Blog Takeover: Jeff S.
As I went through high school it became clear that college was not the right path for me. I enlisted in the Coast Guard delayed entry program the summer before my senior year of high school. Never in my wildest dreams did I think I was going to spend the next 22 years of my life serving. I still remember pulling into boot camp on the bus the first day and wondering why I signed up for this. The responsibilities I was given and the places I got to see were life changing. I was really into weightlifting throughout high school, but do not think I ever ran over a mile at a time. The amount of running and calisthenics in boot camp was a shock to say the least. While I was in I continued to lift and would do the PT test every six months to keep up my certifications. I never did really anything that was above and beyond. I would always scrape by on the PT tests, never blowing them out of the water. It was not until about four years, at the age of 38, that I started taking exercising seriously. I now work out six days a week and have even participated in some competitions. I probably have worked out more the past couple of years than I have my entire life. It is now routine for me and I have never felt better both physically and mentally. I wish I would have started on this journey sooner. I retired from the Coast Guard Reserves about two years ago and am loving semi-retired life.
Blog Takeover: Rick B., Fairport
I joined the military in part to honor my Dad’s legacy and also to be able to say that ‘I, too, did my part’. The Army was one way I learned the importance of fitness. At an impressionable age I remember one of my drill sergeants saying if I don’t take time for my fitness, my body will force me to make time for my illness.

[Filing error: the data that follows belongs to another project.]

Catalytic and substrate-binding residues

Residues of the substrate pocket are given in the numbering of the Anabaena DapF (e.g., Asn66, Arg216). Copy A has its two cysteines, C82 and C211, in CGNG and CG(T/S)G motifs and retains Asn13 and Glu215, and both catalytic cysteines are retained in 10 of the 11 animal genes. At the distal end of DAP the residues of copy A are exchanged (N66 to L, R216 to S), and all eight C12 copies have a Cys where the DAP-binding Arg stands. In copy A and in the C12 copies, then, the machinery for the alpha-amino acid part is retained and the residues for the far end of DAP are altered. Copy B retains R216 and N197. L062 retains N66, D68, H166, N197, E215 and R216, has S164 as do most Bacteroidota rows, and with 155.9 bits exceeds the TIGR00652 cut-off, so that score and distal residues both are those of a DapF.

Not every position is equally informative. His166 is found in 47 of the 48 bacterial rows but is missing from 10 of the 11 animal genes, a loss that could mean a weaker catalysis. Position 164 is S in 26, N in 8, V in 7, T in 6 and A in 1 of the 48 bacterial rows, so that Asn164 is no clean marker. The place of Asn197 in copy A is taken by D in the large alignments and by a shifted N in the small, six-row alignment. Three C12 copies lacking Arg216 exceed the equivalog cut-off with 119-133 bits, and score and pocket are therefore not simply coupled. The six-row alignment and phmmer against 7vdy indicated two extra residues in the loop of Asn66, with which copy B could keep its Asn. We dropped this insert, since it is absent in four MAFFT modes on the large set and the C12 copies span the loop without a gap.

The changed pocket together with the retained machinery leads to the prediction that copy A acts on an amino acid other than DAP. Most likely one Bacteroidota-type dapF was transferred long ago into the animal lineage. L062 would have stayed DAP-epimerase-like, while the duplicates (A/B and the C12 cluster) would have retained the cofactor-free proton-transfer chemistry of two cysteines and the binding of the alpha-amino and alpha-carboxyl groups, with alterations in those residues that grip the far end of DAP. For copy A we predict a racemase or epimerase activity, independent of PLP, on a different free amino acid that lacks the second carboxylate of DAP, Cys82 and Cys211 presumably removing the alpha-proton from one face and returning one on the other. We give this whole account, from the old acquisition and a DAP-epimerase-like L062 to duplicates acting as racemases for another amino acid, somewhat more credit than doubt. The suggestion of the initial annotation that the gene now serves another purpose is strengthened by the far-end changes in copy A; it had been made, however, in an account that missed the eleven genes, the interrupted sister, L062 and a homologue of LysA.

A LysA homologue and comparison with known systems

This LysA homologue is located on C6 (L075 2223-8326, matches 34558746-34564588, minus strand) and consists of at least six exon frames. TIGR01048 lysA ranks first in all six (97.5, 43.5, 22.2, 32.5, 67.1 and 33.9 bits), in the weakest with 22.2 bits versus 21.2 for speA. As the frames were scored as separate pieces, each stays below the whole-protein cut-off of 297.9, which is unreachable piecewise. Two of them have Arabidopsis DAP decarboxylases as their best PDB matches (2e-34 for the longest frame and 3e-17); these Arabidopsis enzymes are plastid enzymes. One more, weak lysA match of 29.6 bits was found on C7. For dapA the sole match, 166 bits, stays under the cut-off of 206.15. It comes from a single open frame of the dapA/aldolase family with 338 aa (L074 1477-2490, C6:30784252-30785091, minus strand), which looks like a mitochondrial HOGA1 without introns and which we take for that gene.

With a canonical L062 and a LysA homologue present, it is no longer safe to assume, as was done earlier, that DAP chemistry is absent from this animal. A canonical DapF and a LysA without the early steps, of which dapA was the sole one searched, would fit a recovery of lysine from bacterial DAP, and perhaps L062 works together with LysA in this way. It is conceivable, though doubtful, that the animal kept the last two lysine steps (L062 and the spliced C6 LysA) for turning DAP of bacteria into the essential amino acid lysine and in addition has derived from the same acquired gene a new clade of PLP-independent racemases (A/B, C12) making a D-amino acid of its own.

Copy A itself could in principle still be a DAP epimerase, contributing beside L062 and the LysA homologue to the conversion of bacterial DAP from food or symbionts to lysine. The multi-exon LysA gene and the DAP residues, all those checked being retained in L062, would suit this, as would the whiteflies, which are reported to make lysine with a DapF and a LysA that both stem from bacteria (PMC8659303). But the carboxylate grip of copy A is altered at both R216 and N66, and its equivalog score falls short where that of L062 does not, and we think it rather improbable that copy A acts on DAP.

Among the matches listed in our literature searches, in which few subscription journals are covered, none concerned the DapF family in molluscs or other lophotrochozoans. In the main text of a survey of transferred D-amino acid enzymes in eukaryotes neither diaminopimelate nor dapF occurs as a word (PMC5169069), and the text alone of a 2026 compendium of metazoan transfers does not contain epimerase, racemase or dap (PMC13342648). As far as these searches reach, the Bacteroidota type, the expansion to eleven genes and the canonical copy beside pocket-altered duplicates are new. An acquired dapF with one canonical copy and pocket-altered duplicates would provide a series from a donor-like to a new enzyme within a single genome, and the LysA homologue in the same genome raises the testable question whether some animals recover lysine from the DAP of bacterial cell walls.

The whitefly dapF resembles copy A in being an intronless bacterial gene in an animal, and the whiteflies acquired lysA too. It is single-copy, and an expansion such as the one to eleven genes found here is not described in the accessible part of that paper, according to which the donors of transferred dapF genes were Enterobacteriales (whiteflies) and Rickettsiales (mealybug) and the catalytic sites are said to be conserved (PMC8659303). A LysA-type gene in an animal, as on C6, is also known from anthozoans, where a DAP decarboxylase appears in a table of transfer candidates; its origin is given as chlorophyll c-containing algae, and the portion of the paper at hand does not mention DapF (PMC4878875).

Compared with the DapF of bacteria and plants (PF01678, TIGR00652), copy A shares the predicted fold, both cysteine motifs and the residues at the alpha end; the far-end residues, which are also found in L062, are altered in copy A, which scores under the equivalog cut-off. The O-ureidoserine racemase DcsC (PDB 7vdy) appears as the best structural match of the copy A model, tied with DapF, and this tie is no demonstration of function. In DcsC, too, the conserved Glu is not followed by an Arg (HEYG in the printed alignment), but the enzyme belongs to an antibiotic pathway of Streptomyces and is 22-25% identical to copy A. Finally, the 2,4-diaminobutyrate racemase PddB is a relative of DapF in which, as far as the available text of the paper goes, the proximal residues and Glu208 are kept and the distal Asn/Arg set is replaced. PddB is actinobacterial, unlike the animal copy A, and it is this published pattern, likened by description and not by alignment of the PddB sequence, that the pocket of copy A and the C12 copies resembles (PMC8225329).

Having twins and working in emergency services severely challenged my ability to balance my time. I let fitness slide and as a result, I suffered a back injury that I’m still recovering from.
Thankfully, with some coaching assistance, I’m back to working out and making progress in the fitness department. It’s a daily battle and I’m thankful I can again pick up my children for an ‘upstairs hug’ and hold them tight.
No matter your stage in life or injury setbacks, anyone can make progress and improve their fitness.
I did. And I’m still doing.
Blog Takeover: Petty Officer Buck, Scottsville, NY
I graduated high school in 1989. My intention was to go to college following high school graduation, but I didn't know how to make that happen. No one in my family had gone to college so this was uncharted territory for me with little support to make it happen. After working 3 jobs for a year, I knew I had to do something to better my life. That's when I looked into joining the military. I entered the United States Navy on September 11th, 1990. I had no idea just how instrumental this journey would be in forming the person I am today.
Not only did the Navy provide the financial means for me to go to college, it allowed me to believe in myself. I was a very average student in high school. My home life was, well, not good, and I didn't have the support to be successful. Through my military training, I learned that I could accomplish most anything that I put my mind to and worked hard for it. This includes acing exams in my trade school and passing physical fitness tests. I was not an athletic kid and was actually quite overweight. It was the military that sparked my love for physical fitness.
I was on active duty until September 1994, then stayed on as a reservist for an additional 10 years. I went on to earn my degree in Veterinary Medicine and have been practicing for 17 years. I would never have accomplished this without the Navy. To this day, I still say that joining the military was the best choice I have ever made in my life.